Feeds

Apple's Tablet won't save Big Dumb Media

Where there's Steve, there's hope

High performance access to file storage

Yet executives in entertainment and news over the past decade have made this much more difficult; the media's crisis is one of its own making. Over ten years, they've hollowed themselves out. Newspapers are now excellent lifestyle magazines, delivered in instalments on a daily basis. Their capability to provide us with something we didn't know, or couldn't find out, or give us new ways of thinking about something, is just not there any more.

Ten years ago you could be sure a broadsheet transport correspondent both knew his field technically and knew the business landscape, while a health correspondent could put the complex into context. I'm not even sure there are any transport correspondents any more, while the other specialists - if they are there - simply reprint press releases from industry, or from the tight-knit hairball of government, academia and pressure groups. A newspaper today is like Google News with the news taken out.

Seeking "business model"?

Similarly, as I pointed out yesterday, music executives have been finding lots of reasons for us not to give them our money. They also neglected physical formats and decided to 'compete with free' by giving away the crown jewels for nothing, although perhaps not to the same extent. But we now see Spotify lauded for (apparently) "reducing piracy", when its return is negligible.

For these industries to rescue themselves, they don't need Steve Jobs. They simply need to stop being idiotic. Nobody ever put a gun to a newspaper executive's head and instructed them to ruin their business. Take away the utopian religion and they can start to be rational again.

Now I appreciate there are subtleties here a broad brush can't capture. Every newspaper proprietor wants to drive the competition into the ground. Murdoch uses aggressive pricing. Echoing the US city newspaper monopolies, Rusbridger has already mooted a future where public subsidies fund 'quality journalism'. A translation of that is "we're a commercial basket case, please give us a tax handout". I find it hard to believe that with the nation utterly broke, politicians will look upon this request with sympathy. What I can say with certainty is that they're not going to call it correctly.

Looking back at my own tech predictions, as well as other people's, there's a consistent theme. My worst call in the past ten years, for example, was expecting smartphones to become much bigger and broader than they have. I should have anticipated physical constraints, crappy UIs, and dodgy and late network infrastucture.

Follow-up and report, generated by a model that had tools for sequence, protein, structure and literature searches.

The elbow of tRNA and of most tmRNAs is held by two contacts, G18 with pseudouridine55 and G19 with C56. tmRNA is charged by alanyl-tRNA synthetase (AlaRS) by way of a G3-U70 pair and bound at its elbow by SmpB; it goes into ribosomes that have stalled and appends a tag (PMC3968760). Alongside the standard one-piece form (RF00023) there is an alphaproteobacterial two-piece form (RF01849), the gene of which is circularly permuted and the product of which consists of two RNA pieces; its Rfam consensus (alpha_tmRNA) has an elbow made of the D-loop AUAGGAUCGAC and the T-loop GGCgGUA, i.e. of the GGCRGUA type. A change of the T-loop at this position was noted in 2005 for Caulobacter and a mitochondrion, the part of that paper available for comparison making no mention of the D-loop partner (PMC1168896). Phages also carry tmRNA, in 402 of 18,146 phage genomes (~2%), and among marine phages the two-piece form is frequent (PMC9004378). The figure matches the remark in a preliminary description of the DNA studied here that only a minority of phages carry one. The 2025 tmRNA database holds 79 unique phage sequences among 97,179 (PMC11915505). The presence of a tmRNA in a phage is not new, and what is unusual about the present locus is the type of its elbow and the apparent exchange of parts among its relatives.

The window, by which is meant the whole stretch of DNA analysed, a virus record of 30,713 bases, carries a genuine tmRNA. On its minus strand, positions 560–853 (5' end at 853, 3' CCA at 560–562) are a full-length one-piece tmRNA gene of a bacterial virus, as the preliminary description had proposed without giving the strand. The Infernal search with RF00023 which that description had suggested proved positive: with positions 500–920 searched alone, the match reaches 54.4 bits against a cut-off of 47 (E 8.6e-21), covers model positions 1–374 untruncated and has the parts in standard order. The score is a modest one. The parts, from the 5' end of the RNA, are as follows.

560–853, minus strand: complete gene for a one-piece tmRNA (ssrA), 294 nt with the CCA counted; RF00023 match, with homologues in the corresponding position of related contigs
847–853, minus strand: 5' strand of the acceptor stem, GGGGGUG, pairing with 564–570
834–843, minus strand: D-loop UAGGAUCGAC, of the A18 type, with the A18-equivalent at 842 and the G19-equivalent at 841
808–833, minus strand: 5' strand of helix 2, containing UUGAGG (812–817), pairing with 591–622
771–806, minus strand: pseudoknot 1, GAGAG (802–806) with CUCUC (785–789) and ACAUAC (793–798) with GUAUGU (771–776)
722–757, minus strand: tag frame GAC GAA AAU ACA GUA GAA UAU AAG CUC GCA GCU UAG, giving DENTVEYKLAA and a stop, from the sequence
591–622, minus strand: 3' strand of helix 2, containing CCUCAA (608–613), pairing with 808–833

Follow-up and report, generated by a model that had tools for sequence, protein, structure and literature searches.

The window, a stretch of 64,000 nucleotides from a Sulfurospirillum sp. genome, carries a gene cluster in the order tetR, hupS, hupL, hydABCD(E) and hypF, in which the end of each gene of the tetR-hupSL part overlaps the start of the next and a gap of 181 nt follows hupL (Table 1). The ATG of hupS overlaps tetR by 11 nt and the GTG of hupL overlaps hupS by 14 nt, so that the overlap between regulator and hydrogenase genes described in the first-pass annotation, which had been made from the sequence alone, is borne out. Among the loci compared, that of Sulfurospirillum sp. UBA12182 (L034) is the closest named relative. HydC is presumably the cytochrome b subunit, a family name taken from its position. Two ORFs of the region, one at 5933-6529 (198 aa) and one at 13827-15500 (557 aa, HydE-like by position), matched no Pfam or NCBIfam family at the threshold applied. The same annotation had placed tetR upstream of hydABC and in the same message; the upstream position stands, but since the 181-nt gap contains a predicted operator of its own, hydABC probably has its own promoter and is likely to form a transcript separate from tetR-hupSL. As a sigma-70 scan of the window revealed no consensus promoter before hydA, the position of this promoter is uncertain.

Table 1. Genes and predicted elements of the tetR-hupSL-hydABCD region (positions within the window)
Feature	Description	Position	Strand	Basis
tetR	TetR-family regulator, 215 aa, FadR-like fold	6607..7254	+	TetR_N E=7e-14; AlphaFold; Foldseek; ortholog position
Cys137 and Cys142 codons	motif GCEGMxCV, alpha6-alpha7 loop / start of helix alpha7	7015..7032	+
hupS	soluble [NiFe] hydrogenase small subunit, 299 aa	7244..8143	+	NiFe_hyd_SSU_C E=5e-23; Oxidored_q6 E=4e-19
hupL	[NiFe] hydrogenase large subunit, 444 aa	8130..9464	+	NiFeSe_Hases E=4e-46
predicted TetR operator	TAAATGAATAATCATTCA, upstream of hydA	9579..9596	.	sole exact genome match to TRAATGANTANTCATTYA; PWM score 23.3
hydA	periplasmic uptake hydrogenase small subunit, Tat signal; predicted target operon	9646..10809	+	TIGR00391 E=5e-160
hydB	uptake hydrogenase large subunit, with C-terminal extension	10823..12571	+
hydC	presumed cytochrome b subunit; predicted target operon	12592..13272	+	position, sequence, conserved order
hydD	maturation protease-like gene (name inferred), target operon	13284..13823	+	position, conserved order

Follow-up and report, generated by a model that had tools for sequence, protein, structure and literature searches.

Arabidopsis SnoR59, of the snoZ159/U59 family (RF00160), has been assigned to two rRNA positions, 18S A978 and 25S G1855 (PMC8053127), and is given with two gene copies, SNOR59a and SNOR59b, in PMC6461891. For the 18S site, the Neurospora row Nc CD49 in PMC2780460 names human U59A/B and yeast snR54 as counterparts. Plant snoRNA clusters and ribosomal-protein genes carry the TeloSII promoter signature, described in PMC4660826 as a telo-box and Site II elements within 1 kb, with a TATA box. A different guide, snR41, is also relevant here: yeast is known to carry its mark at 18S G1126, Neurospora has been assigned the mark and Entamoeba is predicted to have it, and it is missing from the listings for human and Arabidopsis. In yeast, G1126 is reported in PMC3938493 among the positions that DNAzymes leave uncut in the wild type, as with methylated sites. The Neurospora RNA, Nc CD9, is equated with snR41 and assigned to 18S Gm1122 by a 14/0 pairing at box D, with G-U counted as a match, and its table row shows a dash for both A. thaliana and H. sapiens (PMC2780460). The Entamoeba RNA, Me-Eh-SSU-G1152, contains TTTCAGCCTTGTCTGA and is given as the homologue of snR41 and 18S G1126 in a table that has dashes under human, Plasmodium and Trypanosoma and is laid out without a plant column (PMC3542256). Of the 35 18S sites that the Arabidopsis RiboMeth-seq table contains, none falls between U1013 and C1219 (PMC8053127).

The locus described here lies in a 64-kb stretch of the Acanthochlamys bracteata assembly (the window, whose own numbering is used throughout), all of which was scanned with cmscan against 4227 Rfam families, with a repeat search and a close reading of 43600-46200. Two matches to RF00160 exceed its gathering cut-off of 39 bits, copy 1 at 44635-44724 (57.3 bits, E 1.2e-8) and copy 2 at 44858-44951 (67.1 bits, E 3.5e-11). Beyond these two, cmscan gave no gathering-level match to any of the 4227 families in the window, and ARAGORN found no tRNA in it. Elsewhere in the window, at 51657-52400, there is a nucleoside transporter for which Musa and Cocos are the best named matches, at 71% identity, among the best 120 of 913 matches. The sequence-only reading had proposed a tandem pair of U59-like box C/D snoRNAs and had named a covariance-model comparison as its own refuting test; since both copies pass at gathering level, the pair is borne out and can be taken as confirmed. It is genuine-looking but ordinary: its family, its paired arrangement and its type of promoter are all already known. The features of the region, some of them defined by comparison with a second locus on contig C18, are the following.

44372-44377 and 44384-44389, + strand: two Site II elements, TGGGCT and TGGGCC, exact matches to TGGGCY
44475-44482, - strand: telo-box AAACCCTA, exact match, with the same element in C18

But I downplayed all of these in my estimates, because I wanted them to succeed. I thought it would be a good thing if they did succeed. But things don't work like that. Oops. Epic Fail. Similarly, sky high expectations of Linux were powered by the deep desire that Microsoft go away. Linux is very good now, and better than ever - but the expectations were pure wishful thinking.

Because media people think Apple's iTablet will save them, you can safely disregard everything that's been written, or will be written, by large media companies about the launch tomorrow. ®

High performance access to file storage

More from The Register

next story
A black box for your SUITCASE: Now your lost luggage can phone home – quite literally
Breakfast in London, lunch in NYC, and your clothes in Peru
Broadband Secretary of SHEEP sensationally quits Cabinet
Maria Miller finally resigns over expenses row
Skype pimps pro-level broadcast service
Playing Cat and Mouse with the media
Beat it, freetards! Dyn to shut down no-cost dynamic DNS next month
... but don't worry, charter members, you're still in 'for life'
EE dismisses DATA-BURNING glitch with Orange Mail app
Bug quietly slurps PAYG credit - yet EE denies it exists
Like Google, Comcast might roll its own mobile voice network
Says anything's possible if regulators approve merger with Time Warner
Turnbull leaves Australia's broadband blackspots in the dark
New Statement of Expectations to NBN Co offers get-out clauses for blackspot builds
Facebook claims 100 MEEELLION active users in India
Who needs China when you've got the next billion in your sights?
prev story

Whitepapers

Securing web applications made simple and scalable
In this whitepaper learn how automated security testing can provide a simple and scalable way to protect your web applications.
Five 3D headsets to be won!
We were so impressed by the Durovis Dive headset we’ve asked the company to give some away to Reg readers.
HP ArcSight ESM solution helps Finansbank
Based on their experience using HP ArcSight Enterprise Security Manager for IT security operations, Finansbank moved to HP ArcSight ESM for fraud management.
The benefits of software based PBX
Why you should break free from your proprietary PBX and how to leverage your existing server hardware.
Mobile application security study
Download this report to see the alarming realities regarding the sheer number of applications vulnerable to attack, as well as the most common and easily addressable vulnerability errors.